‘Today’s parents are under enormous pressure. The boom in the property market, the expectation that young mothers should rush back to work, the failure of government to appreciate the fundamental importance of play in small children’s development, the omnipresence of the screen in daily life, have all conspired to make it incredibly difficult for parents to navigate the early childhood years.
‘I am concerned that the swing to screen-based learning and to formalising early years education are damaging to the well-being of today’s small children. For me, these changes mean that being a publisher today is about more than simply disseminating art, music and story: it’s also about trying to communicate the vital place of imagination and memory in children’s lives. I believe that most parents want the best for their children, and that this includes a desire to help their children learn to listen, to enjoy stories and later, to read. For me, stories are at the heart of human relationships.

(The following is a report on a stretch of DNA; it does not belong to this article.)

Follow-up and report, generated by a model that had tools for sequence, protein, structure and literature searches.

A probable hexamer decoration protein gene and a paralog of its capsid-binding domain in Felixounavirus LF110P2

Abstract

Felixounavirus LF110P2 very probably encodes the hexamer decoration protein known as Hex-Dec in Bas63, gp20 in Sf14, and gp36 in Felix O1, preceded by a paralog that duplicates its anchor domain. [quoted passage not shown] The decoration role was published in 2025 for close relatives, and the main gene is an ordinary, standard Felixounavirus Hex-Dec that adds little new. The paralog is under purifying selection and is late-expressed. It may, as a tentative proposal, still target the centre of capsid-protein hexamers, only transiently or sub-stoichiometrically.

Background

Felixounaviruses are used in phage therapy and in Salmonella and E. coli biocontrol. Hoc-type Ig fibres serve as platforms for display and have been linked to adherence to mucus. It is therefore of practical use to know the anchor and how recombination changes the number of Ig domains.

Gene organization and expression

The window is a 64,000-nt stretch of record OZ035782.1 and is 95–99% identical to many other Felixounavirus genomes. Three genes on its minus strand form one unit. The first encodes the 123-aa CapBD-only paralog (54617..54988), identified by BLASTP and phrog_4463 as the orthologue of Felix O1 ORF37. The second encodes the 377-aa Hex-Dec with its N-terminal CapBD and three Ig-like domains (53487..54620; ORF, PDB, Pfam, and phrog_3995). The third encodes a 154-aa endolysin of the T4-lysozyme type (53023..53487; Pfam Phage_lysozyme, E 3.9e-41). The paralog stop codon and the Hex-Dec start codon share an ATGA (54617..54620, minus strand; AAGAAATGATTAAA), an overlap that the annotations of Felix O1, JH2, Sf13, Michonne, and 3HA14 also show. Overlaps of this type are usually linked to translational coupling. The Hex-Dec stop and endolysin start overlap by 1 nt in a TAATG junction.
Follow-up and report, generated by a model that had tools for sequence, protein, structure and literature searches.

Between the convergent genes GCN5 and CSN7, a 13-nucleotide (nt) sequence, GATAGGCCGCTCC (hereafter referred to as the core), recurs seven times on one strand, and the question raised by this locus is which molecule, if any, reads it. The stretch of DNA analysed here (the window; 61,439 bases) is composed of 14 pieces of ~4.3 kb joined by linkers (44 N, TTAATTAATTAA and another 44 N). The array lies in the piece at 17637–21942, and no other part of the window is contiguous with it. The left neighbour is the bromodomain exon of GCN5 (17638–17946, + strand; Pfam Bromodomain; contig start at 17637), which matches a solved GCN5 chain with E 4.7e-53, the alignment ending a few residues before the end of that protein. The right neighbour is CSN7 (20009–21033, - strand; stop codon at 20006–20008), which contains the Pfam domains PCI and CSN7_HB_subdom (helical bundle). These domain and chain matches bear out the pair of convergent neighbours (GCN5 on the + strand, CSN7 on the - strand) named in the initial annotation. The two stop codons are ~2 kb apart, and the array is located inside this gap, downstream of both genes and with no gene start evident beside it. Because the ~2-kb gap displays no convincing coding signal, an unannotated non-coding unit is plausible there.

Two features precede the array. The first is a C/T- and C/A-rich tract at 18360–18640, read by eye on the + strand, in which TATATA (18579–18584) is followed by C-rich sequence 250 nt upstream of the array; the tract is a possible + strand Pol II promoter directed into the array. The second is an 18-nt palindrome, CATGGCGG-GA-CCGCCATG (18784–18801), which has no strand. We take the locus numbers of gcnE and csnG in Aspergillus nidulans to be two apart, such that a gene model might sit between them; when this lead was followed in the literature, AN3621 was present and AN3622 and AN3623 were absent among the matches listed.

‘My goals now are threefold: to bring the best possible care to the stories we create for children; to show how stories can build bridges – child to child, child to adult, culture to culture; and to encourage those with children in their care to prioritise creative play and storytelling.’
BARRINGTON STOKE AT 15
Jane Walker, sales and marketing director
‘When we launched 15 years ago there was no real bookshop presence of books specifically for the struggling reader, and especially not the dyslexic one. From the beginning and mainly because of our authors (our first list included a title by Michael Morpurgo), we were welcomed by the shops as a trade list rather than an exclusively educational one. Bookshops are now much more switched onto the issues around dyslexia and reluctance and no longer see it as something that affects families who do not buy or have an interest in books.